Thursday, December 16, 2010

What constitutes hate?

     I put the question to my readers. What constitutes hate? Me, I think that trying to kill someone, trying to sabatoge someone's career so he can't feed himself, and framing someone for a crime he didn't commit so that he is thrown in jail are all examples of hate. But simply disagreeing with someone and voicing the reasons for the disagreement is in no way indicative of hate. There are some people who like to say that any disagreement with their position is hate. Only arguments in favor of their desires conclusions are allowed. Interestingly, these people tend to call me prideful. It reminds me of of "pot, meet kettle; comment on color."
     So, why are some people so eager to throw around accusations of "hate"? Well, I can't say for certain. After all, I'm not a mind-reader. But I can make some intelligent guesses. They want to think highly of themselves but only manage to do it through an illusion. They don't have any accomplishments that fill them. And they want to have something. So they associate themselves as "belonging to the right group" or "being god's chosen people" or something like that. But dissent can bring that crashing down.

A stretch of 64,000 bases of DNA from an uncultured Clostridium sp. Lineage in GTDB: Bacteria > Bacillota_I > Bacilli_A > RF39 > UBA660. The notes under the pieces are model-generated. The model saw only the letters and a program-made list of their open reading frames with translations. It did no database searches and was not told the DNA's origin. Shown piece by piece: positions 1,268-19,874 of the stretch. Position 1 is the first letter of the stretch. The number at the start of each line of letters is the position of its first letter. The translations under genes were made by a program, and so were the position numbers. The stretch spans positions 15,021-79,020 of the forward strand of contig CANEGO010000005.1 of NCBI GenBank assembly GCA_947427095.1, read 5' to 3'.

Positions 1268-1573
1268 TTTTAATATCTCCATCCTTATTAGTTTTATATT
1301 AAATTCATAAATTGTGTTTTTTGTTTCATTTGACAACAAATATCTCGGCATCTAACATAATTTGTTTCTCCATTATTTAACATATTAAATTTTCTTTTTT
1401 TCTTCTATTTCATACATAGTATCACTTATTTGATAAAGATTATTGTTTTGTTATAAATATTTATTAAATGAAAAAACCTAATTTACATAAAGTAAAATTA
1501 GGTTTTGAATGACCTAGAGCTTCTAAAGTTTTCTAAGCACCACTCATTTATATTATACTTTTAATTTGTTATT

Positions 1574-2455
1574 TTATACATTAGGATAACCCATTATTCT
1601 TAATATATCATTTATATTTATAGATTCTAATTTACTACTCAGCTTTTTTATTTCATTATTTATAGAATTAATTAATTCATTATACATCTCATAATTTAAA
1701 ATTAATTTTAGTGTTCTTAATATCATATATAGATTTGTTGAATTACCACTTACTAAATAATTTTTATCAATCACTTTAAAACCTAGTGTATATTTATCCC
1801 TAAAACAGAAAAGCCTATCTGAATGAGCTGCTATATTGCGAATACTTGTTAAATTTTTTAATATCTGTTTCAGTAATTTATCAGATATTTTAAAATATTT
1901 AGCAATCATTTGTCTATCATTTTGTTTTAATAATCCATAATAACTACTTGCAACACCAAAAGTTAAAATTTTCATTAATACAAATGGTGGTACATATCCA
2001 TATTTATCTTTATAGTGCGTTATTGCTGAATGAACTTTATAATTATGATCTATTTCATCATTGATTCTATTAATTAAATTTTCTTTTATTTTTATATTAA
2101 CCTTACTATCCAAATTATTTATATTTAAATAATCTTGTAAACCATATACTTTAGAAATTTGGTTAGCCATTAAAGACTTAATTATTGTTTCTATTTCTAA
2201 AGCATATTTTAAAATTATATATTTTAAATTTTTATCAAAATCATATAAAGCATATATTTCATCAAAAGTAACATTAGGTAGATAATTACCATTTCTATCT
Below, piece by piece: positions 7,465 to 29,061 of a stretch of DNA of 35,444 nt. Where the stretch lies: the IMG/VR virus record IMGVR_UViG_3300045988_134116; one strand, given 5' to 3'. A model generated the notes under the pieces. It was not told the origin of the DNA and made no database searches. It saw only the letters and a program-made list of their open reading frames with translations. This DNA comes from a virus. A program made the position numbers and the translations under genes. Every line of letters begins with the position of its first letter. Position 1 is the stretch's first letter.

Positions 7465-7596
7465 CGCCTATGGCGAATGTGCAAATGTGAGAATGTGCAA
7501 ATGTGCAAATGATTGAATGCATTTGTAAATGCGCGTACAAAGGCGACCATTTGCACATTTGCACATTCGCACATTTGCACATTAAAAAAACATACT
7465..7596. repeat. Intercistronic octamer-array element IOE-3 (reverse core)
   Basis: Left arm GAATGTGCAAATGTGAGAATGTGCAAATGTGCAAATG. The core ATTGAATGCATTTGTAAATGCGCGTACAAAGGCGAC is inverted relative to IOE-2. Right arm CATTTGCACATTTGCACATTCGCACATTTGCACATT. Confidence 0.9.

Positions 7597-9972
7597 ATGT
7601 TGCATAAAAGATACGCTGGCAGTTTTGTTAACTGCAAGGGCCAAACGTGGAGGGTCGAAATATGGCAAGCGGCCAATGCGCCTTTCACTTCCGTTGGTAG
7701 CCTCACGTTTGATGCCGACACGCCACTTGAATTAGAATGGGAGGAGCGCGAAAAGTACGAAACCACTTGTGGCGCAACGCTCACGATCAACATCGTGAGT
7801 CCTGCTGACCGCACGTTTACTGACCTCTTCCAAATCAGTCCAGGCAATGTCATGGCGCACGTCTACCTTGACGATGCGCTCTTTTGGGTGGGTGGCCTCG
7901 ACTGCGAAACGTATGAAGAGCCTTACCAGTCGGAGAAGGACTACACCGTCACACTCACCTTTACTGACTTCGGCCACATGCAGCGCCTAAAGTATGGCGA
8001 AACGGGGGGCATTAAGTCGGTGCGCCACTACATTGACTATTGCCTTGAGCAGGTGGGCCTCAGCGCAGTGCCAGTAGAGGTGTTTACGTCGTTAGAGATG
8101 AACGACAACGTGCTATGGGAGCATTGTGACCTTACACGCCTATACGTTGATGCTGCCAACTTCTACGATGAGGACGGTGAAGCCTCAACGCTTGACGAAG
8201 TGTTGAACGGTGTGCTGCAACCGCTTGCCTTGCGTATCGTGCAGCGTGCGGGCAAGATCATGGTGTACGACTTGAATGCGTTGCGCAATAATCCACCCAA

When you are pleased with yourself about something you did, you can remain satisfied even if the accomplishment is meaningless to others -- because it is still something you accomplished. There's a lot of satisfaction to be had for that. But belonging to an exclusive club, having the "right" parents, being invited to a great party, those are hollow. Oh, sure, they can be nice experiences, but they don't mean anything about who you are, only where you are. I think that many people don't like dissent or challenge because, deep down, they don't have an identity. They see themselves as a cipher or a placeholder.

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